One of the most talked about topics in ISG, or Information Services Group, is locking in on the key driving principles of service providers in Request for Proposal (RFP) selection processes.
Although most think they know what separates them from the rest in high-stakes RPF selection process, they seem to not have a clear understanding as to why they do not get chosen. Clients seek beyond the "table stakes" and asset play. What service providers
need to change is how they present themselves. Instead of presenting an umbrella of tools, services and global delivery centers, they should focus on creating solutions which involve clients’ problems, and those are easy to buy.Info.ISG-One.com
cited these five key principles from winning service providers as the most effective forces in RPF processes. 1. Be concise in describing the problem
. The service provider that understands the problem the client is trying to solve will definitely be at the top of the list. It should be able to debunk the jargon, and describe the problem in terms and means universally understandable. This shows how clearly the client’s problems are absorbed and grasped. In order to win, the service provider should display its mastery by including points of missed opportunities and improvement.2. Establish working knowledge.
Being able to showcase the link between the client’s needs and proposed solution is a step headed in the direction of winning the selection. Service providers should clearly recognize and have a clear grasp of the client’s problem and needs, and relate those with their proposed means of improvement and resolution. 3. Be hands-on. Walk the talk, as most would say.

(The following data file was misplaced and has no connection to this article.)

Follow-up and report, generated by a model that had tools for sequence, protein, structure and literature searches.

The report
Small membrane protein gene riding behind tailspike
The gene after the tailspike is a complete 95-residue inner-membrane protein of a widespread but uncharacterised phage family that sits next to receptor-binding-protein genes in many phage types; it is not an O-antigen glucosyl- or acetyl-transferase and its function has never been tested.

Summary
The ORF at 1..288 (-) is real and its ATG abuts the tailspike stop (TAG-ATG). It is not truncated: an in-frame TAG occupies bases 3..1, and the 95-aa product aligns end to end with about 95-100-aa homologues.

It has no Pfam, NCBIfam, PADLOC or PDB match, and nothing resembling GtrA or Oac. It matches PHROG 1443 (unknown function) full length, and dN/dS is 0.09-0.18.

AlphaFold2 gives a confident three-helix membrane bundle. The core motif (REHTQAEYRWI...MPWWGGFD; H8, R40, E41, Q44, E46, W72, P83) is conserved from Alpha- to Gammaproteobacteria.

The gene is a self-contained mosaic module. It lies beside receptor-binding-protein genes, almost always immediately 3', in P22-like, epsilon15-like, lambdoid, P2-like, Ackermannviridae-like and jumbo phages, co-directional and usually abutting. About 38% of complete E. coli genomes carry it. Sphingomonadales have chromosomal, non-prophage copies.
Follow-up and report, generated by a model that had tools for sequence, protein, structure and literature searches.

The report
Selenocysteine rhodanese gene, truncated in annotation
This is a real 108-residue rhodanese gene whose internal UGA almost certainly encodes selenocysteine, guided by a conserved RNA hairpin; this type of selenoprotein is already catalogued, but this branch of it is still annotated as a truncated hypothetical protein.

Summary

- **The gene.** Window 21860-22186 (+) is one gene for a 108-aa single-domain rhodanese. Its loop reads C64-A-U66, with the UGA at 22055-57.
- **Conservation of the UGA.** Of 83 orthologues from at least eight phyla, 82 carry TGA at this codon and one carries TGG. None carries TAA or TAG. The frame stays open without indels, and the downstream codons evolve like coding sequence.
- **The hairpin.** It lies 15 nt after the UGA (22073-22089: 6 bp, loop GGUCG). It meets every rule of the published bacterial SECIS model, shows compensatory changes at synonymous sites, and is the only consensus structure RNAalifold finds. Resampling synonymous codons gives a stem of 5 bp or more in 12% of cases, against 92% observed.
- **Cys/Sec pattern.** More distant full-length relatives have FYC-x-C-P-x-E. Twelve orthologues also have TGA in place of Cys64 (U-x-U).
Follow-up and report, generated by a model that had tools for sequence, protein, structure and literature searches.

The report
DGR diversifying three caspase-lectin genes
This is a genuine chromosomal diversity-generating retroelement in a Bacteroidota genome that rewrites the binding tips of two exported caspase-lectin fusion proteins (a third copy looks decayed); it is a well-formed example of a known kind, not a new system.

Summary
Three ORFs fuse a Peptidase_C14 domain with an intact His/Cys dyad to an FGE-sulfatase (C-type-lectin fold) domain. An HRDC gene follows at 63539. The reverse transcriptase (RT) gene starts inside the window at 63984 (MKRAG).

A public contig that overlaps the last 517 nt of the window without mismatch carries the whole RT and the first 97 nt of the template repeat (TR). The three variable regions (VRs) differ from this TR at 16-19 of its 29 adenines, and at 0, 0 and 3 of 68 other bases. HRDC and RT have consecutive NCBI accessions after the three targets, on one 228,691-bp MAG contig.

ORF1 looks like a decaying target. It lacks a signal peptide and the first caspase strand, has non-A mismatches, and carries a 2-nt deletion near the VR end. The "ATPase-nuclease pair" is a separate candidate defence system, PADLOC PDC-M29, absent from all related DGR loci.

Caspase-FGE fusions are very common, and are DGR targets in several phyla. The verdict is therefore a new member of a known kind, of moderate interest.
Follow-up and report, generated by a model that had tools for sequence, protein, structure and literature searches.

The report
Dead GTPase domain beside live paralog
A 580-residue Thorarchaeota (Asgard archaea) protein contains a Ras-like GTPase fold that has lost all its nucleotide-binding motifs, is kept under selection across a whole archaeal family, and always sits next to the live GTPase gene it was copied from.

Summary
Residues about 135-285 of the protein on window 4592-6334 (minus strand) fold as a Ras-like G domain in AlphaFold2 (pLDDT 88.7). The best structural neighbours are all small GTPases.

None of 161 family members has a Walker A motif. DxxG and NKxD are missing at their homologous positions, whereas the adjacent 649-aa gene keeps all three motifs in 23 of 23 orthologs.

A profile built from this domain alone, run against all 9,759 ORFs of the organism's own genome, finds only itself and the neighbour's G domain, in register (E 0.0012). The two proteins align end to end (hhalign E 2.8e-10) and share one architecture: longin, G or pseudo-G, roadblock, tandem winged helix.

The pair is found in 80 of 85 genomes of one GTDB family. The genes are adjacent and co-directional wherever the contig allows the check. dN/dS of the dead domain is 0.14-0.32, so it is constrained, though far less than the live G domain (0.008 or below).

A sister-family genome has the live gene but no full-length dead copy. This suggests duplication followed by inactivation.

The masters of the trade should be the ones executing the solutions they themselves have presented. By doing so, they are showing ownership of the process. The delivery team should be able to narrate and explain the steps as they go along.4. Create translatable assets.
Instead of smothering clients with tools and assets, service providers that know how to lock deals go beyond business jargon such as "continuous improvement" and "centralized demand management". What they do is transform and modify a number of relevant assets to complement that of the client’s, and come up with a solution that represents a partnership. Nothing is left to the imagination. 5. Veer from the "hard-sell"
. This is not in the vocabulary of winning service providers. Rather than hammering on the client, terms and conditions apt for the business are laid on the table by service providers. This is done by presenting low-start barriers and operating under legitimate working assumptions, distinguishing design frameworks to avoid usual and/or standard solutions. Also, there is request for exclusivity, instead of commitment.
An expert and skillful eye can spot a winning service provider which merges these principles from afar. More than stating it on paper, it takes practice and effort in designing a solution that meets a client’s needs. A winning service provider isn’t built overnight, so to speak.